They are the hidden cost of Rodrigo Duterte’s drug war in the Philippines: single, teenage mothers whose partners have been killed by police or vigilantes. And without a job or government support, it’s near impossible for them to support their children.
When the women of Rwandit village learned how much initiation ceremonies for girls and boys were really costing them—in terms of money and lost education – they radically reformed their traditions, giving women and girls more power in the process.
Niñas sin Miedo, or Girls Without Fear, works to promote human rights by educating young girls on sexualized violence and offering conferences and workshops on teen pregnancy prevention, sexual abuse, and harassment. It also empowers the girls by teaching them to ride bikes together.
A call comes in at 4:58 p.m. The night shift hasn’t yet started, so the day team that has been working since 7 in the morning goes out. We leave at 5:30. There’s no explicit rush. The 11-year-old isn’t bleeding.
It is 9 a.m. on November 9, and hundreds—maybe 1,000—people have gathered to watch something many believed would never happen: the trial of a group of men who allegedly gang-raped approximately 50 little girls, aged 18 months to 11 years, in a village called Kavumu. Justice has been four years in the making.
Over the summer, researchers published a study that offered proof of a phenomenon in American black communities that has existed since slavery: By being perceived as more mature, black girls fall victim to what researchers are calling a “perception trap,” and are treated negatively as a result.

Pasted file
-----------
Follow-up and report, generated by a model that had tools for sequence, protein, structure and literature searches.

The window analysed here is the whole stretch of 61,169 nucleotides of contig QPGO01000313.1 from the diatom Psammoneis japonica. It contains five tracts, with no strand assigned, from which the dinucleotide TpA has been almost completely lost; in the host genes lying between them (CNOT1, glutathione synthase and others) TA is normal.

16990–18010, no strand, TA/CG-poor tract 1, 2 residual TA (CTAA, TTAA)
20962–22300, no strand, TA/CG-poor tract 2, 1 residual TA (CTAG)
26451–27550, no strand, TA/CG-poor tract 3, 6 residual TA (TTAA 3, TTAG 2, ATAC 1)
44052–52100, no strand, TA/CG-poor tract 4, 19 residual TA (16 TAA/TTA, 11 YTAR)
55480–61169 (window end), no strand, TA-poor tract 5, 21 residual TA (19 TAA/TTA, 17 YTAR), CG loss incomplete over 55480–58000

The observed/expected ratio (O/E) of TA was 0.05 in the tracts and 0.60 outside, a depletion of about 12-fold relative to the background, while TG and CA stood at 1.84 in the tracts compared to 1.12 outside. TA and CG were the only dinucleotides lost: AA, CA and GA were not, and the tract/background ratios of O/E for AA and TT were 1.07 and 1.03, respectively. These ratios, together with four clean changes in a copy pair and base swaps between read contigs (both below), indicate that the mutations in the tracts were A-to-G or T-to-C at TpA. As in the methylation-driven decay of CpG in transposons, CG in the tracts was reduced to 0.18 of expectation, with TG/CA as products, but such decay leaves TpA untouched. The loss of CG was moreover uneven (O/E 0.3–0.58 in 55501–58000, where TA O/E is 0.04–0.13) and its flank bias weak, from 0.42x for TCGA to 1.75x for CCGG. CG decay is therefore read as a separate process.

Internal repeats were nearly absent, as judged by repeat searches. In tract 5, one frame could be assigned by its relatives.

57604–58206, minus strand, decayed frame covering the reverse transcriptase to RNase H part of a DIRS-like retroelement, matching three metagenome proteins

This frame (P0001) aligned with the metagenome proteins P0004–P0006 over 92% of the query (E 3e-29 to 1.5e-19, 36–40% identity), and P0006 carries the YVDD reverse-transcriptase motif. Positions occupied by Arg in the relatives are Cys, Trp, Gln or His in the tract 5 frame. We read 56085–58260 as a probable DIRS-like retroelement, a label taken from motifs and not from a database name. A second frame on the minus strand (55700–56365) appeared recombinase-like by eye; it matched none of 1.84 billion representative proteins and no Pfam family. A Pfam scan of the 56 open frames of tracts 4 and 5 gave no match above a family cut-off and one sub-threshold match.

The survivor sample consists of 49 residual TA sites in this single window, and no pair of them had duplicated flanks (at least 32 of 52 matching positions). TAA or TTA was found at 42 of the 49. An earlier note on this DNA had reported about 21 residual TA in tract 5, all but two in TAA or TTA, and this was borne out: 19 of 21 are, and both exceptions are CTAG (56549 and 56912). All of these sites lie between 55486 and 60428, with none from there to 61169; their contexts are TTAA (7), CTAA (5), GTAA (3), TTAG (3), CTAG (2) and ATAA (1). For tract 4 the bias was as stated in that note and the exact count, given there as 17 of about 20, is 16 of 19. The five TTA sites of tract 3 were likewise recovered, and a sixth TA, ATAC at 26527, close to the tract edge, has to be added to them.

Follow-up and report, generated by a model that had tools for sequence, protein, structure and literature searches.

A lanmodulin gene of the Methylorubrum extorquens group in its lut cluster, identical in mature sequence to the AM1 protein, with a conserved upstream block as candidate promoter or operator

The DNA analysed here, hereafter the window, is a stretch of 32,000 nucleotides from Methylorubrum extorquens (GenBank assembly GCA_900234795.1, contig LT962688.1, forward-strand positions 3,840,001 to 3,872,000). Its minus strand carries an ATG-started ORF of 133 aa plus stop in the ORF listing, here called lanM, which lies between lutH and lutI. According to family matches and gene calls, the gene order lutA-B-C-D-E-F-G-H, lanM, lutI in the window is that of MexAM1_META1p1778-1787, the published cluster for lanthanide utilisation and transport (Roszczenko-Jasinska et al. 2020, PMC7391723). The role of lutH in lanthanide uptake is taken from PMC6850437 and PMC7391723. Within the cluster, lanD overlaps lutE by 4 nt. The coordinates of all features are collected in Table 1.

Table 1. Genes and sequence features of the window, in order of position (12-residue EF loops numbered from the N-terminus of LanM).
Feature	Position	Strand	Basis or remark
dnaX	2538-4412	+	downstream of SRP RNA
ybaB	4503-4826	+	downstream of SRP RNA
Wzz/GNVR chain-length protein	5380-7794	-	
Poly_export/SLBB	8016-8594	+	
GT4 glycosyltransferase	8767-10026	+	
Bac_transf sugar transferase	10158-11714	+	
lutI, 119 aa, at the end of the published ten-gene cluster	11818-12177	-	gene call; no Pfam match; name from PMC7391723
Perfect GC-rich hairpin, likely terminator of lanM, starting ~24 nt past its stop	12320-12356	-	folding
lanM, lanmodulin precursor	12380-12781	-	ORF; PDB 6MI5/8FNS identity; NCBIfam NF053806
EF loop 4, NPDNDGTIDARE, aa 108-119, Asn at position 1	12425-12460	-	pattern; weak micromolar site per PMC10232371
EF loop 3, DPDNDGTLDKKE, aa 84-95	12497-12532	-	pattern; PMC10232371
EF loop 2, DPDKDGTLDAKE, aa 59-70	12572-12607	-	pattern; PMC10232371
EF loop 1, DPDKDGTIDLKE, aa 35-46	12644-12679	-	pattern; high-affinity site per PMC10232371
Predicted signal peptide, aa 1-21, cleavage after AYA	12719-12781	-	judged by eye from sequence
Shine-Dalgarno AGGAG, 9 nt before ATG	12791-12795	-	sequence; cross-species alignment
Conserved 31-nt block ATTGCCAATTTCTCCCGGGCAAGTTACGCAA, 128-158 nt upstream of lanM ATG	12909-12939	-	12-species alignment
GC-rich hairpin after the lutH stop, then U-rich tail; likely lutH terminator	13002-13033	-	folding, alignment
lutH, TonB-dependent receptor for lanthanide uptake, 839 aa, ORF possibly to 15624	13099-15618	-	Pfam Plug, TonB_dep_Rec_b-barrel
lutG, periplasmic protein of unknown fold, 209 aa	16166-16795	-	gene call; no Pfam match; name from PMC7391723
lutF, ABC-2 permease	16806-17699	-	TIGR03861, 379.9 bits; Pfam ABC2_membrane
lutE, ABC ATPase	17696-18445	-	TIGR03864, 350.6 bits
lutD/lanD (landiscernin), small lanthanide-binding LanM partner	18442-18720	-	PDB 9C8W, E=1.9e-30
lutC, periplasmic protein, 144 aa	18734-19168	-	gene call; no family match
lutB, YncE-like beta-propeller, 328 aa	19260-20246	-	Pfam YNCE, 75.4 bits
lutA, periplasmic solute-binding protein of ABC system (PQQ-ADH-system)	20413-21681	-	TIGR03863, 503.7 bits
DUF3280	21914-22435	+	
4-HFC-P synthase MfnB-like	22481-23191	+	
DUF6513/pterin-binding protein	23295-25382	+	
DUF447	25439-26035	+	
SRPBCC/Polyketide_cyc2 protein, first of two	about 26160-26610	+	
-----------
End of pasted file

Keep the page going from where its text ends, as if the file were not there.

The week after she handed in her AK47 rifle, Patricia found out she was pregnant. Patricia had been a rebel fighter in the Revolutionary Armed Forces of Colombia, or FARC, for 14 years. Last month, she was one of 7,000 rebels to hand in their weapons in a low-key ceremony that marked the end of the armed struggle.
Guatemala City—It’s not a stretch to say that the reproductive rights of women and girls are not fully recognized in Guatemala. On top of that—or perhaps because of it—Guatemala has one of the highest rates of teen pregnancy in Latin America, where one in three girls becomes a mother before reaching the age of 18, according to a 2014 UNICEF report.
With this morning’s news that the Islamic State has claimed responsibility for the suicide bombing at the UK’s Manchester Arena Monday night, the obviousness of the target begins to make a sick kind of sense.
Thirteen-year-old Jane* lived in Melito Porto Salvo, a village in Calabria, a region that is commonly referred to as Italy’s toe. She was young, confused, and lonely after her parents decided to separate. Like many children in this situation, she struggled to make sense of her new world. All of that changed when she met 19-year-old Davide Schimizzi in the summer of 2013. Their romance filled an emotional void in her life.
Once known as a refugee-friendly nation, Kenya is becoming more resistant to taking in people who have been forced to flee their homes. That means added challenges for the nonprofit Heshima and the refugee girls it supports, says executive director Alisa Roadcup.
Throughout the conflict in DRC, children have been abducted and made to serve as soldiers. While most are male, it is estimated over a third are female, used mainly as domestic and sexual servants, but sometimes as fighters. Now an NGO has released a report showing that many of the girls weren’t enlisted by force.